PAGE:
Aesthetic Concerns

Gum disease can cause changes in the appearance of the gums, such as gum recession, swelling, redness, and an uneven gumline, affecting your smile’s appearance.

How do I prevent Gum Disease?

The good news is that gum disease is preventable and can be easily treated in the initial stages. All you need is a proactive approach towards your oral hygiene to avoid plaque buildup and a partnership between you and your dentist to ensure your teeth and gums are protected and maintained.

Here are some tips to help you prevent gum disease:

Get regular dental checkups & cleaning 

Regular dental checkups help detect potential oral problems early, allowing for targeted treatment and negating the need for extensive procedures. Whether it’s gingivitis, an impacted wisdom tooth or the beginning of tooth decay, routine dental checkups allow your dentist to catch the issue before it can progress, preventing further damage or potential complications. Professional cleaning with scaling and polishing removes plaque and bacteria from inaccessible areas, periodontal pockets and the gumline before they can spread or lead to gum disease or bacterial infections.

At Superior Smiles, we offer the latest in hygiene treatments – Airflow and Guided Biofilm® Therapy. This is an innovative treatment specially formulated to target biofilm (plaque) with a combination of air, warm water, and powder particles for a whole mouth clean with minimal contact. Airflow Therapy cleans the teeth, gums and tongue, even around dental restorations and orthodontic appliances, removing stains and discolouration for a superior clean.

Cleaning between the teeth

While we may diligently brush our teeth twice a day, we often forget that our mouth is more than the front and back of the teeth. Cleaning between the teeth is where most of us fall short, leaving small particles of food which attract bacteria and lead to plaque, infections, and gum disease. It is essential to clean between the teeth to achieve optimal oral health and increased protection against bacteria. Flossing and interdental brushes (small brushes with bristles) are highly effective for cleaning between the teeth.

For flossing: Take about 45 cm of floss and wrap the ends around your fingers, leaving a little bit to work with. Gently insert the floss between two teeth, using a gentle back-and-forth motion. Curve the floss around each tooth in a C-shape, sliding it up and down along the sides of the teeth. Repeat this process for each tooth, including the back teeth, using a clean section of floss for each tooth.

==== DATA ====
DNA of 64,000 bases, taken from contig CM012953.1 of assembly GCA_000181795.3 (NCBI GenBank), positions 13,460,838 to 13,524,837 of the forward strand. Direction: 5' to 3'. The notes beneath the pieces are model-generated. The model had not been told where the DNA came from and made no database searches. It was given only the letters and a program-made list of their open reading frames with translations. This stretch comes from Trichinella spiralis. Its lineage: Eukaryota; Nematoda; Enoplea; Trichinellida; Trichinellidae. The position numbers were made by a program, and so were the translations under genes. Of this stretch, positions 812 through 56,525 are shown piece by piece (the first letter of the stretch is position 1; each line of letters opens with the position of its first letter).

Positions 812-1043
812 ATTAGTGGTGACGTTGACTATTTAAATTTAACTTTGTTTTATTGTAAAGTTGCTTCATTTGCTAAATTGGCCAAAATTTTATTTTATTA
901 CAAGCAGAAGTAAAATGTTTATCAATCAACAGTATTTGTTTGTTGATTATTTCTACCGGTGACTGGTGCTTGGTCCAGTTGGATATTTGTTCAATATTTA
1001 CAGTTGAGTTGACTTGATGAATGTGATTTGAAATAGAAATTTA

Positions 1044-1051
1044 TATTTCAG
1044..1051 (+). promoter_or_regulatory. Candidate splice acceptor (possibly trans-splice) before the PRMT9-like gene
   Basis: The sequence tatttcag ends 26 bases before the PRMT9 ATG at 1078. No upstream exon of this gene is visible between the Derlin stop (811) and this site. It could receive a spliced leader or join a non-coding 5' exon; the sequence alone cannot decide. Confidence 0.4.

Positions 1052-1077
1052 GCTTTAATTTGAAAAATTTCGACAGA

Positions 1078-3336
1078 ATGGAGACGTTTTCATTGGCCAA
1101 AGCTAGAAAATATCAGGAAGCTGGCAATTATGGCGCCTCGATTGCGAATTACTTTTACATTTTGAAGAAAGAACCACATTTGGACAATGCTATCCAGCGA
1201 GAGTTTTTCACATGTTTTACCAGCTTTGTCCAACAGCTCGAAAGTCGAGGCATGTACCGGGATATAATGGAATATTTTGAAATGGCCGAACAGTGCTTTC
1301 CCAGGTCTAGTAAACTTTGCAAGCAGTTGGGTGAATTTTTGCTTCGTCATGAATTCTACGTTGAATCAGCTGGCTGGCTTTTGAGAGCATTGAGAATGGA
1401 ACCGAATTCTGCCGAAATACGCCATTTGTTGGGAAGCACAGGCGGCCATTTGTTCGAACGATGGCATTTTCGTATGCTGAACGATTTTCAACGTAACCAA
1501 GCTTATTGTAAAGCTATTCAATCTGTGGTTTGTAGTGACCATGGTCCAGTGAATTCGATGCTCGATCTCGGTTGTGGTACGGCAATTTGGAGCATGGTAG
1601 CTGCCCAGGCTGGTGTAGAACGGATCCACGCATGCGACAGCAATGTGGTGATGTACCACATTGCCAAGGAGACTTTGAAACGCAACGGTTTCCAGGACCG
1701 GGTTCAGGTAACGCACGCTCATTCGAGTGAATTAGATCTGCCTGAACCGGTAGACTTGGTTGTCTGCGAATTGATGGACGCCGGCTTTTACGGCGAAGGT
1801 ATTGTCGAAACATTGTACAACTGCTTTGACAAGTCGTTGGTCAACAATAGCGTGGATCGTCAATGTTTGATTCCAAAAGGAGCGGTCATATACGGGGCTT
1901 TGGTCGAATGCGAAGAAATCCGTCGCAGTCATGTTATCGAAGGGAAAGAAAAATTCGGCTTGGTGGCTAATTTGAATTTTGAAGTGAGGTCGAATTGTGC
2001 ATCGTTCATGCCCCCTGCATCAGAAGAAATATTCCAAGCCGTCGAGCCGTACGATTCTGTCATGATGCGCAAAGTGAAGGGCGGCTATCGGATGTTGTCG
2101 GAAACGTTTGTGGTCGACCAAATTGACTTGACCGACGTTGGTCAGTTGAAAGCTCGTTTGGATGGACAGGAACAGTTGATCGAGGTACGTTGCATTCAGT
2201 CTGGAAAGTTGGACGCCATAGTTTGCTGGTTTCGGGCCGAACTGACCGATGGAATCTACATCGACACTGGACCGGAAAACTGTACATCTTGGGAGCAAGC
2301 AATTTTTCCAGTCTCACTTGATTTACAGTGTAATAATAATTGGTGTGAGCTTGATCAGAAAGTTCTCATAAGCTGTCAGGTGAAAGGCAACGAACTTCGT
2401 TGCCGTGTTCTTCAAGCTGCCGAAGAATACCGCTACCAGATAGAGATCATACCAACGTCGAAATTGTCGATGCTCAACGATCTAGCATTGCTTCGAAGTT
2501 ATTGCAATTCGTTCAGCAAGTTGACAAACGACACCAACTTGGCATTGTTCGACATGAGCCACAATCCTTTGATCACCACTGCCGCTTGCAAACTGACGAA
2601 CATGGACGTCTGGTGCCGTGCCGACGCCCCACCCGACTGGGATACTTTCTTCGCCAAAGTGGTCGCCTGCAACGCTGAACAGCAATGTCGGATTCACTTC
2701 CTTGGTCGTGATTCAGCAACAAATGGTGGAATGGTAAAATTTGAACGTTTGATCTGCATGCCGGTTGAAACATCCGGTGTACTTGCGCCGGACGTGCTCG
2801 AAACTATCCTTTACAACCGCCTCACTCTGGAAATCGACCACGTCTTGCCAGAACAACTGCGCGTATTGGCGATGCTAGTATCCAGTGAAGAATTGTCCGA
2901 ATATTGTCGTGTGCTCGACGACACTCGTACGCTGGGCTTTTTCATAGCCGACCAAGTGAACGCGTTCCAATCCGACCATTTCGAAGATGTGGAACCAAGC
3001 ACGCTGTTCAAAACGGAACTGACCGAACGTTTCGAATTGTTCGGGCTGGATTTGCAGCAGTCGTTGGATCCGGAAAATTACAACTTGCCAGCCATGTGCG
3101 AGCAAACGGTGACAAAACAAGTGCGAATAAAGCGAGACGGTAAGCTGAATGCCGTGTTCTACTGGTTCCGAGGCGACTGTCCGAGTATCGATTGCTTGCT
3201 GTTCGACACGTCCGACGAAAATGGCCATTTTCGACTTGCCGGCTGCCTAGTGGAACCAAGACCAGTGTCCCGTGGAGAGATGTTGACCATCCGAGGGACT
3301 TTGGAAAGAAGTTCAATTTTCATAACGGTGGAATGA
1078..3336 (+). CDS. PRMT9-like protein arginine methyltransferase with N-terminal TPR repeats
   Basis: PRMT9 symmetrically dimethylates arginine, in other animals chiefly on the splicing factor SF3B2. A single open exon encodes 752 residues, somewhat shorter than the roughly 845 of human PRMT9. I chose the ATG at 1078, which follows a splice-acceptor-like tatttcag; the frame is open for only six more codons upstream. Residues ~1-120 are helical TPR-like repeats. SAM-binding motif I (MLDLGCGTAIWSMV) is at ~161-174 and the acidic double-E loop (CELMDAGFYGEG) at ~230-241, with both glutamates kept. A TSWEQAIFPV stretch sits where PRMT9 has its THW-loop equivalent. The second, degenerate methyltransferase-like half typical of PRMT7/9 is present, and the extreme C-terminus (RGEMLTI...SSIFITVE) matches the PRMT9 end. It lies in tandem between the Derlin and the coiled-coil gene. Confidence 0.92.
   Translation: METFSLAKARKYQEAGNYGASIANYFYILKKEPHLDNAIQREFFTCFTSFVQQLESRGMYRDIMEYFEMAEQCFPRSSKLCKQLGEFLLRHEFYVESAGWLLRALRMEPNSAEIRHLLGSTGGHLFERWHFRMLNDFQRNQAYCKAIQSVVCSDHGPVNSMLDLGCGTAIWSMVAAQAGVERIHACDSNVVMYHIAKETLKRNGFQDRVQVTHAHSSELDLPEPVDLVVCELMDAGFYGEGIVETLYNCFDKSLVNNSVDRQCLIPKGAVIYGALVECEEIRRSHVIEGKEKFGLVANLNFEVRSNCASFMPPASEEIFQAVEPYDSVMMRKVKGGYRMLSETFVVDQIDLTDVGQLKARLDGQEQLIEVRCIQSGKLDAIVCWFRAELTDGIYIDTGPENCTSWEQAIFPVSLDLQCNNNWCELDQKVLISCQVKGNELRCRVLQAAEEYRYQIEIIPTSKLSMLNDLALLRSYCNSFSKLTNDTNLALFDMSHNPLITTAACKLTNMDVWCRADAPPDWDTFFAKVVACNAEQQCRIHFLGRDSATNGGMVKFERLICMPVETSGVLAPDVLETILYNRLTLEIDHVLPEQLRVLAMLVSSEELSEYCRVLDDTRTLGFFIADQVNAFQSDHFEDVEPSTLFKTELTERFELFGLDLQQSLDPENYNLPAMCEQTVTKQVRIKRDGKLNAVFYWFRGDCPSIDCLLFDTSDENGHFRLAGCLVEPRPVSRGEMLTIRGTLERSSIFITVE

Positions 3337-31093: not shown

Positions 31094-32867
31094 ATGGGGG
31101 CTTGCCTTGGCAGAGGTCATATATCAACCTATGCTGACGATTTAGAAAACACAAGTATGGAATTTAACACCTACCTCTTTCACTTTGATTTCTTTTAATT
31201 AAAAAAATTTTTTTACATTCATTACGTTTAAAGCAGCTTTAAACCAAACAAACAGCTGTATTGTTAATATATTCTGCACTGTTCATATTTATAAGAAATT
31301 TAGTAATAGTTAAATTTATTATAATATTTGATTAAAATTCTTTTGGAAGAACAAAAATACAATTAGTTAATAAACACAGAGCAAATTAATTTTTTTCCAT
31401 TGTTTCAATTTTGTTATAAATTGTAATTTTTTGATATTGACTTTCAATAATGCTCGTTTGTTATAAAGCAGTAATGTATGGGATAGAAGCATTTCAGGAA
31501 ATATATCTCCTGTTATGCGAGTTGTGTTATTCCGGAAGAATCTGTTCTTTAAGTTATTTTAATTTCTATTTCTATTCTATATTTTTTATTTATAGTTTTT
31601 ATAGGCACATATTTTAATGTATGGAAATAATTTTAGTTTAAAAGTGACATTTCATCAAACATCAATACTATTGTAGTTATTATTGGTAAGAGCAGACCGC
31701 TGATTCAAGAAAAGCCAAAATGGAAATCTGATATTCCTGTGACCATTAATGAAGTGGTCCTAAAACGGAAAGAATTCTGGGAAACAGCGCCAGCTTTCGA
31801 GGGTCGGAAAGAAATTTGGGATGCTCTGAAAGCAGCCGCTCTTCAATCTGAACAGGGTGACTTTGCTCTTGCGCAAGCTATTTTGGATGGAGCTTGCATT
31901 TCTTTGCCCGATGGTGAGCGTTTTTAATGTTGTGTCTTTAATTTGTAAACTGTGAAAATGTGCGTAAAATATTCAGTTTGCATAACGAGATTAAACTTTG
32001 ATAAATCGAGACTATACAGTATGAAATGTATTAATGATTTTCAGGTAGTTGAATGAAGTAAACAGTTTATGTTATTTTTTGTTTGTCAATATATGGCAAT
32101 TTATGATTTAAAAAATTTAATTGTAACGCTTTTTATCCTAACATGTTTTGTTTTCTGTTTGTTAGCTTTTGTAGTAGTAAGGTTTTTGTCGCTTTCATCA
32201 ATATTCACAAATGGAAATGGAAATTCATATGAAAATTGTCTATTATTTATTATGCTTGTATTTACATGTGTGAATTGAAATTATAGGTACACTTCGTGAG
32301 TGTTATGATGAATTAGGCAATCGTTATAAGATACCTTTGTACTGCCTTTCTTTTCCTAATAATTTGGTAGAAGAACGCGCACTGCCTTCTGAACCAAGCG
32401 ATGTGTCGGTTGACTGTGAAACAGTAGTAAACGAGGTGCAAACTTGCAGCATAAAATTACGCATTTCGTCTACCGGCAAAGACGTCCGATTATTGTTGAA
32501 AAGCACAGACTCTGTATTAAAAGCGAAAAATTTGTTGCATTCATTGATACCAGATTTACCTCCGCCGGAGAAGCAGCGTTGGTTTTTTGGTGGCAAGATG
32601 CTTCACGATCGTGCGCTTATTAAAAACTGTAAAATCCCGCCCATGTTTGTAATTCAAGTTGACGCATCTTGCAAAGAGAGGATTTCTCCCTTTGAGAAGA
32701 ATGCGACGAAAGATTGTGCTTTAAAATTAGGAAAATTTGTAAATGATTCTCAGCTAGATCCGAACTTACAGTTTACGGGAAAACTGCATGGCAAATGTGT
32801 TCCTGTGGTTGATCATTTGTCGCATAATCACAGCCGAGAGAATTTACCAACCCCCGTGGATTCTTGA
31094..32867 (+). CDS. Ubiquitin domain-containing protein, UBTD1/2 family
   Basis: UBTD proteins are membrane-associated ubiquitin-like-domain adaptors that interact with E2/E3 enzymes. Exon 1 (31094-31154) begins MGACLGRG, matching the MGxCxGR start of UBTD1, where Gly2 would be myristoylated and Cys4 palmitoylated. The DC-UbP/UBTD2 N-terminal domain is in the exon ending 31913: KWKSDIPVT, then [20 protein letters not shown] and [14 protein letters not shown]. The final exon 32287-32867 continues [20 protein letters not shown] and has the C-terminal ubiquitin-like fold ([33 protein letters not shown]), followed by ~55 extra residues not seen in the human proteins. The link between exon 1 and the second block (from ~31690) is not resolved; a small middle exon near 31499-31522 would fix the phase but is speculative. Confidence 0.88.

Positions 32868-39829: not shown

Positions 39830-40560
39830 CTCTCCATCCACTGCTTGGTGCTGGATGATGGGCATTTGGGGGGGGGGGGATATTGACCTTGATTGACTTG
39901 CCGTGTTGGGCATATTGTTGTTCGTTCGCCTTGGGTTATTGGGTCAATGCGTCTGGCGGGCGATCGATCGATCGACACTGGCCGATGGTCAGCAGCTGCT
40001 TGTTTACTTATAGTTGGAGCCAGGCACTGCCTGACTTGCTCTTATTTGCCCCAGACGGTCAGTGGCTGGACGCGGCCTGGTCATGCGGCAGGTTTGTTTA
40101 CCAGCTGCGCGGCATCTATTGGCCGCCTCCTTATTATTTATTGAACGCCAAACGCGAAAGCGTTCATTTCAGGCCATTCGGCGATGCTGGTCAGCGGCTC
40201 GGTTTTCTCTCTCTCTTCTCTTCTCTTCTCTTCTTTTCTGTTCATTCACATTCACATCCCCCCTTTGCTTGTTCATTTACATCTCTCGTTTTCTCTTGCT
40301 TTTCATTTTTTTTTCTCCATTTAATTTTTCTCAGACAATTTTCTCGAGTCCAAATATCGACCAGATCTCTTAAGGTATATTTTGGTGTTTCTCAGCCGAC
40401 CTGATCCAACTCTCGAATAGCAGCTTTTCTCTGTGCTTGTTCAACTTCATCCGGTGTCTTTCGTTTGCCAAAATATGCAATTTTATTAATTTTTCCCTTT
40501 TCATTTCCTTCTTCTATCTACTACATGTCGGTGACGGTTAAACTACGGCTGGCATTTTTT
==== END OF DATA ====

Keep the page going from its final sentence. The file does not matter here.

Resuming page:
For interdental brushes: Select the appropriate-sized brush that comfortably fits between your teeth or ask your dentist or hygienist for recommended size and brand. Gently insert the brush between the teeth, moving it back and forth a few times. Repeat this process for each space between your teeth, using a new brush when the bristles become frayed.

At Superior Smiles, we offer hygiene treatments tailored to your dental needs, evaluating your oral health to recommend appropriate products and tools, along with valuable tips on usage and oral hygiene maintenance.

Quit smoking

Smoking and tobacco increase the risk of gum disease, tooth decay and mouth cancer. Tobacco weakens your immune system, hindering the ability to fight infections and the body’s natural healing process. Quitting smoking can help improve both your oral health and overall well-being, reducing the risk of gum disease, oral issues, and other health conditions.

Brush twice a day

Brush twice daily, using strong fluoride toothpaste to strengthen your tooth enamel. Use a soft-bristled toothbrush as harder ones can cause tooth and gum abrasion. Hold your toothbrush at a slight angle against your teeth, using circular motions to clean the inner and outer teeth surfaces, brushing back and forth on the molar. Glide the brush gently along the gumline and tongue to remove bacteria and achieve a thorough clean.

Use a therapeutic mouthwash

Rinse your mouth with an antimicrobial mouthwash to help reduce plaque and control bacteria. Talk to your dentist about recommended mouthwashes, or look for one specifically formulated for gum health and bacteria elimination. Pour the recommended amount of mouthwash into the cap or a measuring cup. The amount is usually given on the product label. Rinse and spit, avoiding eating or drinking for a couple of minutes after using the mouthwash.  Use the mouthwash twice daily or as instructed on the label.

Prevent Gum Disease for a Lifetime of Healthy Smiles

At our Fremantle Clinic, we take a preventative and holistic approach to dental care to help you maintain optimal oral health and overall well-being. We strive to identify and treat the root causes of dental issues, providing comprehensive care that goes beyond mere symptom management. Let us be your partner on your gum health journey to guide you towards a healthier smile with dentists who always put you first. Talk to our friendly dentists to learn more about our personalised treatment plans.